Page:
4Sight Vision Support: New chief executive is a former client and volunteer who has worked tirelessly to help blind and sight impaired people to live life without limits
Having worked her way from patient to chief executive at 4Sight Vision Support, Kirstie Thomas truly has the passion and knowledge to take the West Sussex charity forward as it celebrates its centenary.
Based in Bognor Regis, 4Sight Vision Support covers the whole county, with vision support centres at its head office and in Shoreham, plus a sight care advisor service at St Richard’s Hospital in Chichester and Southlands Hospital.
Clearly, the pandemic has affected the operation and sadly there is a massive backlog in some areas but Kirstie is positive and says the changes the team has had to face through Covid-19 have led to a new way of thinking, in many ways a better approach.
Kirstie, who lives in Lancing, first became involved more than 23 years ago when she was diagnosed with Stargardt Disease at the age of 20. Having been impressed by the support she received and the services the charity had to offer, she started volunteering with the Shoreham fundraising committee.
She was then employed as volunteer co-ordinator in 2009 and increasingly grew her role, gaining invaluable experience and knowledge of sight loss, low vision and the complex needs of blind and sight-impaired people.
Most recently, Kirstie has been the services manager, with overall responsibility for planning, co-ordinating and delivering 4Sight Vision Support’s services for children and adults, before her recent appointment as chief executive.
She said: “It is really exciting to be taking up the new post as we celebrate 100 years of the charity. I feel extremely proud and privileged to have been offered this opportunity and look forward to working with the incredible team here at 4Sight Vision Support to provide the very best standard of tailored support for blind and sight impaired people.”
Macular degeneration is one of the most common conditions among people the charity supports and Kirstie has a genetic form, meaning she has no central vision and no detailed vision. She relies on assistive technology and is always pleased to hear of new innovations the outreach team has discovered to help clients - it is one of the charity’s flagship services.
Dr Norman Boyland, chair of trustees, said: “Along with her own personal experience of sight loss, Kirstie has been a key architect of the strategic development of our services over the years, and her previous management experience, passion, drive and commitment will serve the charity well as we develop our services to meet the future needs of our clients.”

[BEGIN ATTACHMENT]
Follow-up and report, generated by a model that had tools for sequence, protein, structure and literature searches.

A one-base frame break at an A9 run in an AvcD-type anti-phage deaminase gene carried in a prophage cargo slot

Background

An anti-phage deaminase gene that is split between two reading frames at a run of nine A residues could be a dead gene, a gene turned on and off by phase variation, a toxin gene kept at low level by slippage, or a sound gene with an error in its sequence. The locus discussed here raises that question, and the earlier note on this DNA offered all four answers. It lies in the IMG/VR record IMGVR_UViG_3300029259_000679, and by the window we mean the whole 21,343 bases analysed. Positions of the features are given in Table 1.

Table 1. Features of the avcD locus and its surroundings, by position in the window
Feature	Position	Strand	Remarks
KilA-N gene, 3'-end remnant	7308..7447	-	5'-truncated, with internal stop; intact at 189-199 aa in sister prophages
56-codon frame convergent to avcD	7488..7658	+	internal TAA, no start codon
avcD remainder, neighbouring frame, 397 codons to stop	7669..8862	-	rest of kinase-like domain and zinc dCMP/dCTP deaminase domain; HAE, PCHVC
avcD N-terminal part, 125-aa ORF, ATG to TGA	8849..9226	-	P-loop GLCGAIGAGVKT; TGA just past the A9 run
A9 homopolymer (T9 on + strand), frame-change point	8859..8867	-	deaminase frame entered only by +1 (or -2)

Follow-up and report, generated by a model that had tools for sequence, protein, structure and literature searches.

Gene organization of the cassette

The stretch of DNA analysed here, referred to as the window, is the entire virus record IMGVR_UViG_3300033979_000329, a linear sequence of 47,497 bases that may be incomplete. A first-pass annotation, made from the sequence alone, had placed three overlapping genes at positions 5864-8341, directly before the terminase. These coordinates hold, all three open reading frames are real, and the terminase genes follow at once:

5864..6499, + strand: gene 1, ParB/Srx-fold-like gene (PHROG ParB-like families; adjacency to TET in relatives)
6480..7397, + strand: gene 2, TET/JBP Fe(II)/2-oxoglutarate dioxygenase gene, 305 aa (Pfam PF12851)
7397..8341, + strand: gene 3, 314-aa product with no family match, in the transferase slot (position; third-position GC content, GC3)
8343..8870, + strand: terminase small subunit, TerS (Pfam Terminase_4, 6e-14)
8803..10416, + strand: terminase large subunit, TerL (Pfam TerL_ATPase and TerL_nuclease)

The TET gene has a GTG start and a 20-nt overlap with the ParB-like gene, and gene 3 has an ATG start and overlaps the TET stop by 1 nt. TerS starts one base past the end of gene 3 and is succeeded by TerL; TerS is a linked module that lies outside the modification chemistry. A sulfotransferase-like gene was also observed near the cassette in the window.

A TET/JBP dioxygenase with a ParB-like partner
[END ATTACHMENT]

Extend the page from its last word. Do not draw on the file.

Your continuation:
Kirstie said the vision for the future was very much a one-to-one approach with team members focusing on specialisms, and this was something that had come out of the changes brought on by the pandemic.
Sight care advisors are key, providing early intervention to help people once they start to experience sight problems.
Kirstie said: “That was one of the services I first accessed but it was too late for me.”
She explained she had been diagnosed privately and lost her job after her employers found she was no longer able to drive - something the charity could have advised her about had she found the help in time.
Kirstie added: “This really is so important. The advisors act as advocates, they are an emotional crutch and can show people what support they can access.
“People won’t know what is available, so we ask them what they are struggling with and what affects them. Then we can guide them, as there may be so much more support than they are aware of.”
Lockdown restrictions last year forced the charity to halt its face-to-face services but support has continued throughout, just in a different way.
Kirstie said: “A small team made 6,000 calls within the first few months. We were able to give more one-to-one time and that shaped our future plan. There are some real positives because instead of being pulled all different directions, we were able to take our time with people.
“We try to do as much as we can over the phone, and we were able to do some of that very successfully, but for things like assessments and training, there are big waiting lists.
“People have so many other complex needs when there is sight loss, like isolation and lack of confidence. We always want to be there when it matters so people can live their lives without limits and to enable them to continue to do that in any way that suits them.”
The charity also has a role as an educator, giving vision impairment training to help break down barriers.
To celebrate 100 years of 4Sight Vision Support, a charity ball is being held at Hilton Avisford Park in Arundel on Friday, October 29, with a theme of Hollywood glamour. For more information and to book tickets, telephone 01243 838001 or email [email protected]